As far as it benefiting current students, we are always looking to increase our international student population and diversity to add that extra perspective and unique background to the mix, which in turn benefits our domestic students and entire campus community. The intercultural exchange between international students and our UM-Flint staff is invaluable, adding a certain depth to the education you can receive here at UM-Flint that helps you grow both on a personal and professional level.
What qualities of UM-Flint interest and intrigue potential university and high school partners abroad?
One of the most appealing qualities of UM-Flint that interested potential partners abroad was our variety of short-term programs, which range from 2 to 7 weeks and run throughout the year. Our short-term programs include Academic English, Business English, Medical English, English and Teaching Methods for Teachers, and more. These types of programs are appealing for a variety of reasons; first, the cost for a short-term program is generally much more affordable to a wider group of students and professionals versus long-term programs; second, it allows students who normally might not be able to commit to a full 2- or 4-year program abroad to have an international experience; third, it provides a certain flexibility to students and faculty to have an intensive language, cultural, and civically-engaged experience during their holiday and summer vacation times; and finally, international students can get to know UM-Flint and its community during these short-term programs, allowing them to make a more informed decision about their future university studies if they plan to study abroad (which many of them do). A further appealing quality is how these short-term programs are able to be tailored to fit the needs and interests of the groups that participate.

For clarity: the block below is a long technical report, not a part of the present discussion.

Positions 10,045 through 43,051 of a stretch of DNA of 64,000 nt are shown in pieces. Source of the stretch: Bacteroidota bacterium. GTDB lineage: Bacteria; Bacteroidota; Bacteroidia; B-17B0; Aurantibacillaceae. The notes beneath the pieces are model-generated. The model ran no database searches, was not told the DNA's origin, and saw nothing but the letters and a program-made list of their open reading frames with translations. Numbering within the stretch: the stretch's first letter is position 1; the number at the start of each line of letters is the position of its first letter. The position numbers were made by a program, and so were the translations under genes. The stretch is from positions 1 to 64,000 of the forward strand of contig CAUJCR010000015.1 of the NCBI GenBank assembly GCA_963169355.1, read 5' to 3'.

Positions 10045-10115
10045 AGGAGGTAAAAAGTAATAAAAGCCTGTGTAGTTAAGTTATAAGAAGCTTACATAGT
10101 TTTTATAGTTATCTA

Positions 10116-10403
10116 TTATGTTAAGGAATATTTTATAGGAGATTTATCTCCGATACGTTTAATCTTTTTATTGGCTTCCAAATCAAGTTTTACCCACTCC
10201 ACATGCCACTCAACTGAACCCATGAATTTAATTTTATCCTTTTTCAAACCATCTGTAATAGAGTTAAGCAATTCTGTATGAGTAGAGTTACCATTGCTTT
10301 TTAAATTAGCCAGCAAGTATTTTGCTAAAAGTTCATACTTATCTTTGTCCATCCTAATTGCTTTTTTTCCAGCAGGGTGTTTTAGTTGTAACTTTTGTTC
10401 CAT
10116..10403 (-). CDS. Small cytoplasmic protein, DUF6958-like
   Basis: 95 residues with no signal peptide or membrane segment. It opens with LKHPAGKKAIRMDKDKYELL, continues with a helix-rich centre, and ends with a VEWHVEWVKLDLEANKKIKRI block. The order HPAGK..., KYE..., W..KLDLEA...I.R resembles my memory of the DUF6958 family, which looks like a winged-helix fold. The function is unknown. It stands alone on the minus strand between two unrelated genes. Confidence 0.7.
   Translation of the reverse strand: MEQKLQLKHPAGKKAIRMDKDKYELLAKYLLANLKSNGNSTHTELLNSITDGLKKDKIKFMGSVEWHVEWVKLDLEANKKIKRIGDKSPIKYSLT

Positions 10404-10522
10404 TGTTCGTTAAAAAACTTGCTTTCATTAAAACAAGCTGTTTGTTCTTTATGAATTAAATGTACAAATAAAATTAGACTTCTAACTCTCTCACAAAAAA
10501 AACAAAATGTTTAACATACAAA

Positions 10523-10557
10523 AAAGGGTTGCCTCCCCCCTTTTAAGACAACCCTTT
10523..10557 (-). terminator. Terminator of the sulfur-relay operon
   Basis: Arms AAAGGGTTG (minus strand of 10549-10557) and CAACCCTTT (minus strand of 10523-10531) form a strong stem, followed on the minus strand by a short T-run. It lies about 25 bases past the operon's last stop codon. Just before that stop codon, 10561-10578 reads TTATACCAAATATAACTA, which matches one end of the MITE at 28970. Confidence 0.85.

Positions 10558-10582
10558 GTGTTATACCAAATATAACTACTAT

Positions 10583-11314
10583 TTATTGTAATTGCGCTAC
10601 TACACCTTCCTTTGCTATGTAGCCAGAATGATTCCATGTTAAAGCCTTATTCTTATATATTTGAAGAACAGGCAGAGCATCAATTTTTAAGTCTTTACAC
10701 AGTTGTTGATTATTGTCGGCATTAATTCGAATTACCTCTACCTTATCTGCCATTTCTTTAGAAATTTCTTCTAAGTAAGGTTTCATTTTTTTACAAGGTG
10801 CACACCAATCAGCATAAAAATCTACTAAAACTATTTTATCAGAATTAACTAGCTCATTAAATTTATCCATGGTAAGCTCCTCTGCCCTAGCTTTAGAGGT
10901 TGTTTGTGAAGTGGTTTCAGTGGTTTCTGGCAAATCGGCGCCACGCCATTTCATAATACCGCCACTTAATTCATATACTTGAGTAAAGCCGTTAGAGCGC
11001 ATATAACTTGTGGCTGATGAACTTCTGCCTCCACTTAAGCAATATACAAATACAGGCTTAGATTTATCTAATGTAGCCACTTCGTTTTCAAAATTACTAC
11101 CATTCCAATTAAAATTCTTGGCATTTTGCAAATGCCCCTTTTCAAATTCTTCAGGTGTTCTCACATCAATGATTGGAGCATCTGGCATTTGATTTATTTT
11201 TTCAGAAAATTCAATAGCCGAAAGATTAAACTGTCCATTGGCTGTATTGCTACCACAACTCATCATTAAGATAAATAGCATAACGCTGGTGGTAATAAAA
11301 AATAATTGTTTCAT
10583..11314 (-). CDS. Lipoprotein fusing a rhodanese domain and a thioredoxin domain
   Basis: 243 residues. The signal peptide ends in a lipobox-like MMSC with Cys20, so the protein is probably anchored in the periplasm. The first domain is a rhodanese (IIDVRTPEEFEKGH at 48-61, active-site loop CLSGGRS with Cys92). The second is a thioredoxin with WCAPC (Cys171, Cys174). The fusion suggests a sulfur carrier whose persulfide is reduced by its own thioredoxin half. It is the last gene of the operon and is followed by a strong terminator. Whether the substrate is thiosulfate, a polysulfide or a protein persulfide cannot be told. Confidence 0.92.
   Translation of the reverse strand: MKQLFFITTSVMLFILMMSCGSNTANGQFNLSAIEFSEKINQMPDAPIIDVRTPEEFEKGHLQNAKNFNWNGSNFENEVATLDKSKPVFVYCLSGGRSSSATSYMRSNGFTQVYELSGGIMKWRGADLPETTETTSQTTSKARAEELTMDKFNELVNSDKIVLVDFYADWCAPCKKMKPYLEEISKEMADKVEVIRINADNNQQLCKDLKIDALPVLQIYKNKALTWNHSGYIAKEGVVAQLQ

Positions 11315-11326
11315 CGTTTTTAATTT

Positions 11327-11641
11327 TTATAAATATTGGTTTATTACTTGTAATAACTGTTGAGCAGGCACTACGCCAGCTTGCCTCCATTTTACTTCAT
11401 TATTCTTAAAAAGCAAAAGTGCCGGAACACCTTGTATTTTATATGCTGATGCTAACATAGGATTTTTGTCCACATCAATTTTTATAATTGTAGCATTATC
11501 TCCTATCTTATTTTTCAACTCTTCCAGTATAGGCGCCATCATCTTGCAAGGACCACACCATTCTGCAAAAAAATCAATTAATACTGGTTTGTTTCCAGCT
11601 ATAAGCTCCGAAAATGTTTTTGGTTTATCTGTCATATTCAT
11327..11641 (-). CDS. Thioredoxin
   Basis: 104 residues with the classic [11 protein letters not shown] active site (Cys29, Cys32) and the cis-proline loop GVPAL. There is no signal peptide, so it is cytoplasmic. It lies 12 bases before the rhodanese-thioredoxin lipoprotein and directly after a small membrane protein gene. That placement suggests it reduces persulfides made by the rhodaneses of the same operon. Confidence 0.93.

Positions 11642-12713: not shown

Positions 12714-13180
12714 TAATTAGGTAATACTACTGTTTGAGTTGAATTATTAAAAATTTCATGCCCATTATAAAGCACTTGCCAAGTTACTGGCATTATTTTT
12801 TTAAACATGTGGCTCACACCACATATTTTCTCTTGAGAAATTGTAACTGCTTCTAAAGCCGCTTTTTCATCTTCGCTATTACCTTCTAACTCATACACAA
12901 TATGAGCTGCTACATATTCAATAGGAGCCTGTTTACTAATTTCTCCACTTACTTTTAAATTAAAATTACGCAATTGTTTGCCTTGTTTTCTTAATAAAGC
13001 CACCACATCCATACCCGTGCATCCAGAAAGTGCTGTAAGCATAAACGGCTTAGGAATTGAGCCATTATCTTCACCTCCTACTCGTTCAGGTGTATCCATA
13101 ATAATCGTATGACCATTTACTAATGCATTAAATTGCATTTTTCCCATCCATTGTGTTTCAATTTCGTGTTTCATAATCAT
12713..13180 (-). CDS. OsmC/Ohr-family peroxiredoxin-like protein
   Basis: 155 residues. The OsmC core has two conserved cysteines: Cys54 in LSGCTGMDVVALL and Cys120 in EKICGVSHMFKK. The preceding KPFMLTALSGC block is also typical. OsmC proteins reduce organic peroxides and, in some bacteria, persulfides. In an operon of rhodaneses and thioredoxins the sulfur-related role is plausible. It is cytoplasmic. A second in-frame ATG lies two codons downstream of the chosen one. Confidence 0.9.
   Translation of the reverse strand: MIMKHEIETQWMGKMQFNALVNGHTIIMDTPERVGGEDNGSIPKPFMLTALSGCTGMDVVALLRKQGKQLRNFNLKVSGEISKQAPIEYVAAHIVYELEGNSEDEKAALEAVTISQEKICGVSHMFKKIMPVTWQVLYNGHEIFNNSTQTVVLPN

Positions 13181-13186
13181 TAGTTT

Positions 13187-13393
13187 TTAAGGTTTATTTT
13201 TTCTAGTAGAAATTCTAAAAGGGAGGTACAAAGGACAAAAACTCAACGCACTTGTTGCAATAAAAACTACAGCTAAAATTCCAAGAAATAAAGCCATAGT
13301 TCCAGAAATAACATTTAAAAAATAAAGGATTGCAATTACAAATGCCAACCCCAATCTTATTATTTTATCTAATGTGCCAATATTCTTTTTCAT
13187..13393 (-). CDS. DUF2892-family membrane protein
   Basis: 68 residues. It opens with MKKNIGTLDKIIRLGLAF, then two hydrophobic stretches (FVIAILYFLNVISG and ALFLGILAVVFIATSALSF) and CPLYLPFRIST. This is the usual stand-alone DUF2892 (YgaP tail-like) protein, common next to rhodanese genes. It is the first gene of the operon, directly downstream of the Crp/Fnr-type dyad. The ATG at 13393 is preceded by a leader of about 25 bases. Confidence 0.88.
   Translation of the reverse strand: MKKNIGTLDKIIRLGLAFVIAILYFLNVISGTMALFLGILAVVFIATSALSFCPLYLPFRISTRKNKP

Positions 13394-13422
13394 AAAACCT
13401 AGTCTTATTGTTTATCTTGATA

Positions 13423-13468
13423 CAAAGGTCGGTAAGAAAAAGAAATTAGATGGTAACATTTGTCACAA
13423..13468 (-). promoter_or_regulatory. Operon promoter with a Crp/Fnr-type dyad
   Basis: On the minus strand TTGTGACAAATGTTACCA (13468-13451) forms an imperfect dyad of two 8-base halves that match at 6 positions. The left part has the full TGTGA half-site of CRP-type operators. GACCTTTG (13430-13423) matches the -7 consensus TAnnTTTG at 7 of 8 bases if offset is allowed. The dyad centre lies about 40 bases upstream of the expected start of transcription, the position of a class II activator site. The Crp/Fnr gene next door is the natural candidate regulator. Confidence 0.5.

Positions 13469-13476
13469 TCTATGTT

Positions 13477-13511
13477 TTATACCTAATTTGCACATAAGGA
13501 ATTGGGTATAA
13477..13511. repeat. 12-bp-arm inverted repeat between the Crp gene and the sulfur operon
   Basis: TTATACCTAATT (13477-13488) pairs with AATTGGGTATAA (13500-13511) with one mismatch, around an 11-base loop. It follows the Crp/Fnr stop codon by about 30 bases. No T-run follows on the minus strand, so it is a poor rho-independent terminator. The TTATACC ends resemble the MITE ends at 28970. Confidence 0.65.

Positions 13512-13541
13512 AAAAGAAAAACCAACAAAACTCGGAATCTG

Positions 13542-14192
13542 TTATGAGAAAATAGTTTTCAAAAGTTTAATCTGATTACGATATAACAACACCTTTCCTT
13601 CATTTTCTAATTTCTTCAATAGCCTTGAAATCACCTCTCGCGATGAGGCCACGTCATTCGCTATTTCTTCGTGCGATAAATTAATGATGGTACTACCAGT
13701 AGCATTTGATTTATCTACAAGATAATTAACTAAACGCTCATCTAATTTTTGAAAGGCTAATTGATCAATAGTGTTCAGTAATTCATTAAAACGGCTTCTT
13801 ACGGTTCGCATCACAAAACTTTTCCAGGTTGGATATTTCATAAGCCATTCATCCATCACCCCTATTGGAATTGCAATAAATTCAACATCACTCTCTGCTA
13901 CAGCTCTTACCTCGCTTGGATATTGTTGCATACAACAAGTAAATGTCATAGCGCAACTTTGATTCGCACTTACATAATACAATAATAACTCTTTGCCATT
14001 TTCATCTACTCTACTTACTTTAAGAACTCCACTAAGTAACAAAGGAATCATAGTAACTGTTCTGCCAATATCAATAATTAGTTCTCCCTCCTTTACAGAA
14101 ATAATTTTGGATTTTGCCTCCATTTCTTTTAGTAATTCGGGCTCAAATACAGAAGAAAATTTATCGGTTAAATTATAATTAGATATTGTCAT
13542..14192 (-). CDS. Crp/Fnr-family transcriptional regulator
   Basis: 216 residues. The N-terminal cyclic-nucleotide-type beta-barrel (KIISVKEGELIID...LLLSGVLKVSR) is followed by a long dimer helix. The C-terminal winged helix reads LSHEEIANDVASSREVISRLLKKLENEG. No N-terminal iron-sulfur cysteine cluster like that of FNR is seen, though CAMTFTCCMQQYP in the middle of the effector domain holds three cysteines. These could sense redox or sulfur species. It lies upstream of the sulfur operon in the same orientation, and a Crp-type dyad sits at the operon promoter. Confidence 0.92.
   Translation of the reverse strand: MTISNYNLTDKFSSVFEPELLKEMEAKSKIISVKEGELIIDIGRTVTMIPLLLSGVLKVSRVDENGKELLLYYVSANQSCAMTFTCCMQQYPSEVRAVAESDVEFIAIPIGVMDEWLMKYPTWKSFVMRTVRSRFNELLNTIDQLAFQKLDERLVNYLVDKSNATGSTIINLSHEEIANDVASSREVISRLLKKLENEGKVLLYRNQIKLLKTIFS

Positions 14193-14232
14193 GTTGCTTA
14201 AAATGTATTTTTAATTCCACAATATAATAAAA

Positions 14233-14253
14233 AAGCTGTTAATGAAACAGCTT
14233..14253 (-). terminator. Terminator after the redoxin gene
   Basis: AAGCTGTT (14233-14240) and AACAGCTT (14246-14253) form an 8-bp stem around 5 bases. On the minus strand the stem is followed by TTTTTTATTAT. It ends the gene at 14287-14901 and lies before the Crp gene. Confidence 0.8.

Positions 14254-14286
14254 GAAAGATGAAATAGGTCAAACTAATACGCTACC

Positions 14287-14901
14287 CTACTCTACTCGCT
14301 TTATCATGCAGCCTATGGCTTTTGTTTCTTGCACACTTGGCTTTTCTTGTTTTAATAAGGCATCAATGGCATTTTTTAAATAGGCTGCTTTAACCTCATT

Are there certain things you learned from the visits that you can incorporate into your teaching or other work at UM-Flint?
There are so many things that I learned from this trip that will not only influence the ways we think about international student recruitment, but the way I think about teaching (which I’ll also be able to share with my colleagues in future meetings and “share shops”). While I had previously had Chinese students in my classes and knew some things generally about their cultures and academic backgrounds, there is no replacement for first-hand experience. So, when I was in China and got to both observe and teach in English language classrooms, I was able to gain a deeper understanding about how Chinese students’ backgrounds influence their experiences in the U.S. both in and outside of the classroom. While I may have known from textbooks and word of mouth about the more traditional, lecture-based, teacher-centered classrooms that Chinese students generally have, seeing and experiencing it with my own eyes — and for this length of time — widened my perspective in a new way, which will allow me to better serve both my future Chinese students in the classroom, as well as from a student services perspective.
Similarly, in Brazil, where I got to visit two medical schools to promote our short-term program, I learned so much just from meeting medical professionals, students, and touring their campuses. Further, while it was unfortunate, I did fall ill during my week there and had to visit a hospital, and going through that process (with my former students along to help me) was eye-opening as well, and I was thinking non-stop about differences between U.S. and Brazilian health care the whole time, which will definitely add a new layer to the discussion the next time I teach that course this July! Not to mention, once I was feeling better, I was able to joke with my former students that helping me navigate through a hospital in Brazil using English was actually their final exam and the real reason for me being there!
I could not have anticipated the degree to which this recruitment trip would affect me both from a recruiter and teacher’s perspective, and I’m excited about the ways in which we’ll be able to utilize this information, these connections, and so much more both in future trips as well as in and outside the classroom here at UM-Flint.